The Rise and Decline of Virginia's Old Political Elite, 1680-1790
A "Topping People" is the first comprehensive study of the political, economic, and social elite of colonial Virginia. Evans studies twenty-one leading families from their rise to power in the late 1600s to their downfall over one hundred years later. These families represented the upper echelons of power, serving in the upper and lower houses of the General Assembly, often as speaker of the House of Burgesses. Their names—Randolph, Robinson, Byrd, Carter, Corbin, Custis, Nelson, and Page, to note but a few—are still familiar in the Old Dominion some three hundred years later.
Women and Politics in the Early American Republic
The Seneca Falls Convention is typically seen as the beginning of the first women's rights movement in the United States. Revolutionary Backlash argues otherwise. According to Rosemarie Zagarri, the debate over women's rights began not in the decades prior to 1848 but during the American Revolution itself. Integrating the approaches of women's historians and political historians, this book explores changes in women's status that occurred from the time of the American Revolution until the election of Andrew Jackson.
Although the period after the Revolution produced no collective movement for women's rights, women built on precedents established during the Revolution and gained an informal foothold in party politics and male electoral activities. Federalists and Jeffersonians vied for women's allegiance and sought their support in times of national crisis. Women, in turn, attended rallies, organized political activities, and voiced their opinions on the issues of the day. After the publication of Mary Wollstonecraft's A Vindication of the Rights of Woman, a widespread debate about the nature of women's rights ensued. The state of New Jersey attempted a bold experiment: for a brief time, women there voted on the same terms as men.
Yet as Rosemarie Zagarri argues in Revolutionary Backlash, this opening for women soon closed. By 1828, women's politicization was seen more as a liability than as a strength, contributing to a divisive political climate that repeatedly brought the country to the brink of civil war. The increasing sophistication of party organizations and triumph of universal suffrage for white males marginalized those who could not vote, especially women. Yet all was not lost. Women had already begun to participate in charitable movements, benevolent societies, and social reform organizations. Through these organizations, women found another way to practice politics.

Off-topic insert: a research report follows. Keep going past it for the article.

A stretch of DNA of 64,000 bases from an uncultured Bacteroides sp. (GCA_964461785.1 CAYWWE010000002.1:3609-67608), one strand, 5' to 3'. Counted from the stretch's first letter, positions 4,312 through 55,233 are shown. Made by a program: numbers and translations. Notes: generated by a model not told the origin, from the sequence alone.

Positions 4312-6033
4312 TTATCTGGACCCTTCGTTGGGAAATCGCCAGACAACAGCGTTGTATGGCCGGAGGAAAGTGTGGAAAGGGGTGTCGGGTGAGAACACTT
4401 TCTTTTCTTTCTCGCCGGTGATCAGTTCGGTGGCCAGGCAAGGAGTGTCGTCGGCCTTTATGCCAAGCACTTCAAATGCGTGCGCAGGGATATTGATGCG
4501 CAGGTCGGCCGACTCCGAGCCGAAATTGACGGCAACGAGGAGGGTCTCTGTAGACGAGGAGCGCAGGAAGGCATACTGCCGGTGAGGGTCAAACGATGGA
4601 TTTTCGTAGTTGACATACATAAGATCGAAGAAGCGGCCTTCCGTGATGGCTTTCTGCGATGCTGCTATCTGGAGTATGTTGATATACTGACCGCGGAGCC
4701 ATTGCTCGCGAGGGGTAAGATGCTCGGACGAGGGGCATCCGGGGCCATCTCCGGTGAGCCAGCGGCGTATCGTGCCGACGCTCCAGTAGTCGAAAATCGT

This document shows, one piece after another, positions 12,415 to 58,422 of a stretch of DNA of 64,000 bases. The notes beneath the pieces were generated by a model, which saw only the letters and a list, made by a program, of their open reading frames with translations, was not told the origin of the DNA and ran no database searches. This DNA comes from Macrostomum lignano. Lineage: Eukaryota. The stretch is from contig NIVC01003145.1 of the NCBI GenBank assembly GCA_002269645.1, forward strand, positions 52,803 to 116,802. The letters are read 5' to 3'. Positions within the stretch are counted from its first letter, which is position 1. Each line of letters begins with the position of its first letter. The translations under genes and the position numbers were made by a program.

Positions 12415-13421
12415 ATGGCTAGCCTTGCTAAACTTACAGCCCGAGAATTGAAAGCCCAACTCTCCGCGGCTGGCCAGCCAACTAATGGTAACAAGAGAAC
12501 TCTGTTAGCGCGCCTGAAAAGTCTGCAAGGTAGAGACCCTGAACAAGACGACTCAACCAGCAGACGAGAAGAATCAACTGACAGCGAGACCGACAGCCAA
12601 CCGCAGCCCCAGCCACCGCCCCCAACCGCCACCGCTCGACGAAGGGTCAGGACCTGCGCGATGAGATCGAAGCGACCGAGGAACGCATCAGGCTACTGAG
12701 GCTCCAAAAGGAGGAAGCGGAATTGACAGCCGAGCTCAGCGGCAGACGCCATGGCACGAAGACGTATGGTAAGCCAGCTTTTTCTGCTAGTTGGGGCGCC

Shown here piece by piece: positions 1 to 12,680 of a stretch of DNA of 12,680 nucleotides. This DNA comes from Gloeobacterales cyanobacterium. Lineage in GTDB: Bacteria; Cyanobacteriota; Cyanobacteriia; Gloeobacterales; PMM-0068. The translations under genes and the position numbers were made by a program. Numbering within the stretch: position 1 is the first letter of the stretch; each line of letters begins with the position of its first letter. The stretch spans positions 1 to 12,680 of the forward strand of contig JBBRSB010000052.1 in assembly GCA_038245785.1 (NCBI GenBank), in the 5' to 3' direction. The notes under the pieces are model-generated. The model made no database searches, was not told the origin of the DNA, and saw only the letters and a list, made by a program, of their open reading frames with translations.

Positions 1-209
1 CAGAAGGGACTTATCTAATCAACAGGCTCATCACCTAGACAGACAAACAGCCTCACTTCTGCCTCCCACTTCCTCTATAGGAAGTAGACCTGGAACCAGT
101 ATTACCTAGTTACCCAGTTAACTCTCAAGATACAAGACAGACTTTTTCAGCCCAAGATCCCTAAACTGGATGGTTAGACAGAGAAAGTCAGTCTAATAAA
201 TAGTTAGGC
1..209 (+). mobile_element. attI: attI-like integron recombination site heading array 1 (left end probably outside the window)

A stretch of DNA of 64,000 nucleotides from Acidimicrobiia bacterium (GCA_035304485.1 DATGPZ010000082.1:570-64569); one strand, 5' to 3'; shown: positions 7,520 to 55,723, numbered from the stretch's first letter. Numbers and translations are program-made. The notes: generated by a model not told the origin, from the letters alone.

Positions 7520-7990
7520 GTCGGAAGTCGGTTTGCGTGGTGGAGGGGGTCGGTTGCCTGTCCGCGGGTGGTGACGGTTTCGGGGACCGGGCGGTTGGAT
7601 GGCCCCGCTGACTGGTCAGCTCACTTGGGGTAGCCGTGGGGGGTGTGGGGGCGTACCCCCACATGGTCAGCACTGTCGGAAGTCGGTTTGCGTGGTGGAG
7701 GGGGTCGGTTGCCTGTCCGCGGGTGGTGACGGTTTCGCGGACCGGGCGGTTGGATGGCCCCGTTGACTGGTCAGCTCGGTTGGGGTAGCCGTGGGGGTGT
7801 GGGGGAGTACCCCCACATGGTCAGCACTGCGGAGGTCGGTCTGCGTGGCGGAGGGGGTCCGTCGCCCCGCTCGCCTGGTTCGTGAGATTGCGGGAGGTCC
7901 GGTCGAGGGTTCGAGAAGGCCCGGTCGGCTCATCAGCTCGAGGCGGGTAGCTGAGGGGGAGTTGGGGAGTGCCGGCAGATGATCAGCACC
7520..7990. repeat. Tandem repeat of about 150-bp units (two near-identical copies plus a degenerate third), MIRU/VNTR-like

Indians, Empires, and Diplomats in the Founding of America
Revolutionary Negotiations examines early American diplomatic negotiations with both the European powers and the various American Indian nations from the 1740s through the 1820s. Sadosky interweaves previously distinct settings for American diplomacy—courts and council fires—into one singular, transatlantic system of politics.
Performance and Danger in Early America
As a number of recent studies have shown, the north European commercial world made the precise calculation of risk a central concern of the intellectual project of exploration, trade, and colonization. The great merit of Fichtelberg's book is systematizing the imaged world of dangers, and charting the various kinds of ritual and discursive performances marshaled to deal with the pressure of the unspeakable in early America from the 17th into the early 19th century. The readings of texts are invariably careful, and the points made, persuasive. ---David Shields, University of South Carolina Risk Culture is the first scholarly book to explore how strategies of performance shaped American responses to modernity. By examining a variety of early American authors and cultural figures, from John Smith and the Salem witches to Phillis Wheatley, Susanna Rowson, and Aaron Burr, Joseph Fichtelberg shows how early Americans created and resisted a dangerously liberating new world. The texts surveyed confront change through a variety of performances designed both to imagine and deter menaces ranging from Smith's hostile Indians, to Wheatley's experience of slavery, to Rowson's fear of exposure in the public sphere. Fichtelberg combines a variety of scholarly approaches, including anthropology, history, cultural studies, and literary criticism, to offer a unique synthesis of literary close reading and sociological theory in the service of cultural analysis. Joseph Fichtelberg is Professor of English and Chair of the English Department at Hofstra University.